I have been saying for years that Linux could benefit (so far as market reach) from a bit more of a monolithic development environment. But this is not what I had in mind. In fact foremost in my thinking has been development of X. It suffers and hasn't moved much in a long while because from a developer's view it isn't sexy. Far more fun writing wibbly-wobbly windows effects for a compositor, being on the team putting out the killer app of the day, integrating new toys with existing code, higher profile and more glamorous stuff. X on the other hand is a nightmare. It's like being tasked with beautifying a 100 acre dump. You can either dig through it all, sort it, keep the good bits, recycle what you can and haul of the rest to dump elsewhere... or you can plant a few trees around the edges. Shuttleworth is saying "what dump...?" I've hoped the degree of fragmentation would come down a bit by agreeing to pursue fewer options, which would put more hands on whatever direction the community at large decides to take open source. This move is exactly the opposite. Why am I not surprised?

betomiller
betomiller

I tend to agree that the move to Unity will make Ubuntu appear to be a proprietary platform with software becoming sole-sourced. Didn't we see this with Apple and OS2? Nonetheless, Ubuntu claims it's just a matter of changing the interface and nothing more, that the underlying code will remain as before. Hmmm. Shuttleworth apparently hopes that any distribution based on Ubuntu will follow suit. I'm not convinced, at least not without seeing it. But nonetheless I'm having second thoughts about remaining with Ubuntu at this point.

pgit
pgit

Last I heard Y was looking like a complete rewrite from the ground up. It went the way of "why reinvent the wheel?" with "and beat yourself over the head with a stick while at it" tacked on.

techrepublic@
techrepublic@

I frequently use remote X sessions (or just an application or two) over ssh tunnels. it is a very safe setup, and better than RDP or VNC.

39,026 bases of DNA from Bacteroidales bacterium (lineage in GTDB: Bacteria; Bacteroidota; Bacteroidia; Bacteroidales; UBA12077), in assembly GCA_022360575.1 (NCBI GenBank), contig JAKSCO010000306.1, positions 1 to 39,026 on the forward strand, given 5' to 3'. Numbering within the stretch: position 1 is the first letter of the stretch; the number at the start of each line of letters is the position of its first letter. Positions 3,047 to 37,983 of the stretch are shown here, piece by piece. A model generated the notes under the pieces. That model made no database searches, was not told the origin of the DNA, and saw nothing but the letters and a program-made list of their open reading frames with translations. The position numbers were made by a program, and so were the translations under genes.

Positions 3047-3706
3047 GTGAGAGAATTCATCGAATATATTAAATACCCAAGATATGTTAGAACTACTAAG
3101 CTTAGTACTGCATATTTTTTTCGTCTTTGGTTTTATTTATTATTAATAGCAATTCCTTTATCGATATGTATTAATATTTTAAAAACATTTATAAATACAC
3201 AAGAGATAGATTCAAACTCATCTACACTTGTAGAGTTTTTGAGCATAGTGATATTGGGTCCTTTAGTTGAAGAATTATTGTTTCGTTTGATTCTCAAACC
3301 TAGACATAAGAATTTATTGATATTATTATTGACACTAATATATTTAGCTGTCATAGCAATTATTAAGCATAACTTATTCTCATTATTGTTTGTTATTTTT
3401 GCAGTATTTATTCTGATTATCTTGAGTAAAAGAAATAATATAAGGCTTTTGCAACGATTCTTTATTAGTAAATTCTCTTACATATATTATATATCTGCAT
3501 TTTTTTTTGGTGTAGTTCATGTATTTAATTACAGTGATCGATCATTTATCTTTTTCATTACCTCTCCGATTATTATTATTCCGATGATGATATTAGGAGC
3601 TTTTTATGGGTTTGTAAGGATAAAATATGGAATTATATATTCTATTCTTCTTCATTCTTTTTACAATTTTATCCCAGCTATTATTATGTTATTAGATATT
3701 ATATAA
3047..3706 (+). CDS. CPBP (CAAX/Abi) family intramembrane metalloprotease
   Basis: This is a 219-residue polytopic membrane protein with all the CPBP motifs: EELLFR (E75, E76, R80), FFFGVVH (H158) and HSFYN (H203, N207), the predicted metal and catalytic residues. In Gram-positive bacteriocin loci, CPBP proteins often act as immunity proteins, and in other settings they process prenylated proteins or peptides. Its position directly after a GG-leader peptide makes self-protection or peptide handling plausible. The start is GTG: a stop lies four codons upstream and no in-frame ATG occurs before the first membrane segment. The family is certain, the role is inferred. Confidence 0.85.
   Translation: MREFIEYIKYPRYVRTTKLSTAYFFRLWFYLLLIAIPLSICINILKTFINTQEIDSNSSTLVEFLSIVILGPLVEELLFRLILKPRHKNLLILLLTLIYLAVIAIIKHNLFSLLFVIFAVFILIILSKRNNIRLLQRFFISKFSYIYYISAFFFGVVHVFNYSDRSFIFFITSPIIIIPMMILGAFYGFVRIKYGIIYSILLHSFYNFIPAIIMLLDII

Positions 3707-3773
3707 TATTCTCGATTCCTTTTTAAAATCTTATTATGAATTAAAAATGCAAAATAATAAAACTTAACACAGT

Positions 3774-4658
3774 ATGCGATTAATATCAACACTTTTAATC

snideley59
snideley59

Most of my customers use hard core Finite Element Analysis apps such as Abaqus and LS-DYNA to generate complex models which they run on my compute cluster and then post process on their desktops. No tablet is going to replace the high end workstations that these guys need to render their results.

RipVan
RipVan

I can't understand a lot of the other back and forth (I should be embarrassed to say), but then again, I shouldn't admit to being lost on Gnome, either... But I appreciate the viewpoints on KDE/Gnome and I just don't know where to find anything in Gnome and I find it unfriendly. I also don't like the new KDE all that much, but at least I know where to find things. As far as backward compatibility, at some point you have to drop it all and start something new. Computing has changed far too much. I think it can advance more without all the baggage of the past.

jkameleon
jkameleon

I can't test everything, and learn everything immediatelly. If the specification says "This is KDE application/development tool", I'd imagine it's intended for KDE, not Gnome (and vice versa). Otherwise, it shouldn't be specified which desktop the application or development tool is intended for. If every application works works on both desktops- what's the point in dividing the apps between Gnome & KDE ones then? It's stupid. It should go without saying, that every app works on every desktop, and every IDE produces apps that work on every desktop. It shouldn't matter what's in the guts of the desktop- X windows, Y windows, or Zhongwen Windows.

jkameleon
jkameleon

run into some problems, and abandoned it. I don't want to lose too much time fiddling with the OS, I got other things to do. That's the reason I went straight to Ubuntu, without trying to find the best distribution out there. It's good enough, it has big user base, which usually means it's well supported. I'm therefore not bothered too much with that hibernation problem. I believe it will be resolved soon enough.

pgit
pgit

I was not considering the technical reality, rather the community approach, the spirit of the program, interoperability, the human aspect of the move. Of course it remains "Linux" or "ubuntu," but will this come to conjure the same image and spirit as saying "windows" or "Microsoft?" I should have been more specific. We're 'NASCAR North' around here, and when they introduced the truck series not a few die hards exclaimed "that ain't racin'!" Of course it is, but these folks weren't talking about the facts.

CharlieSpencer
CharlieSpencer

Ever heard of 'New Coke'? Olestra? The DeLorean?

Neon Samurai
Neon Samurai

A graphic stack doesn't make the difference, it's still using the Linux kernel. It's still "Linux" or properly "Ubuntu Linux". Is a headless server not "Linux" because it doesn't have X installed? Are embedded systems not "Linux" because they don't have X or may use a different graphic stack between kernel/GUI? Is osX suddenly Linux because the user chose to install X11 from the osX optional software? In the end, it's one distribution and it's a year or more away.

pinjoh541
pinjoh541

Of course it is. As long as the kernel is Linux, then ubuntu will be Linux. All Linux distributions are a collection of applications, tools and utilities on top of a Linux kernel. This applies if it's ubuntu, Fedora, Debian, Maemo, Android and so on. Now if ubuntu changed the kernel, say to BSD, then it wouldn't be Linux anymore, it'd be BSD, but I doubt that will happen.

snideley59
snideley59

Has always been my friend, well, at least as long as it's been an option

pgit
pgit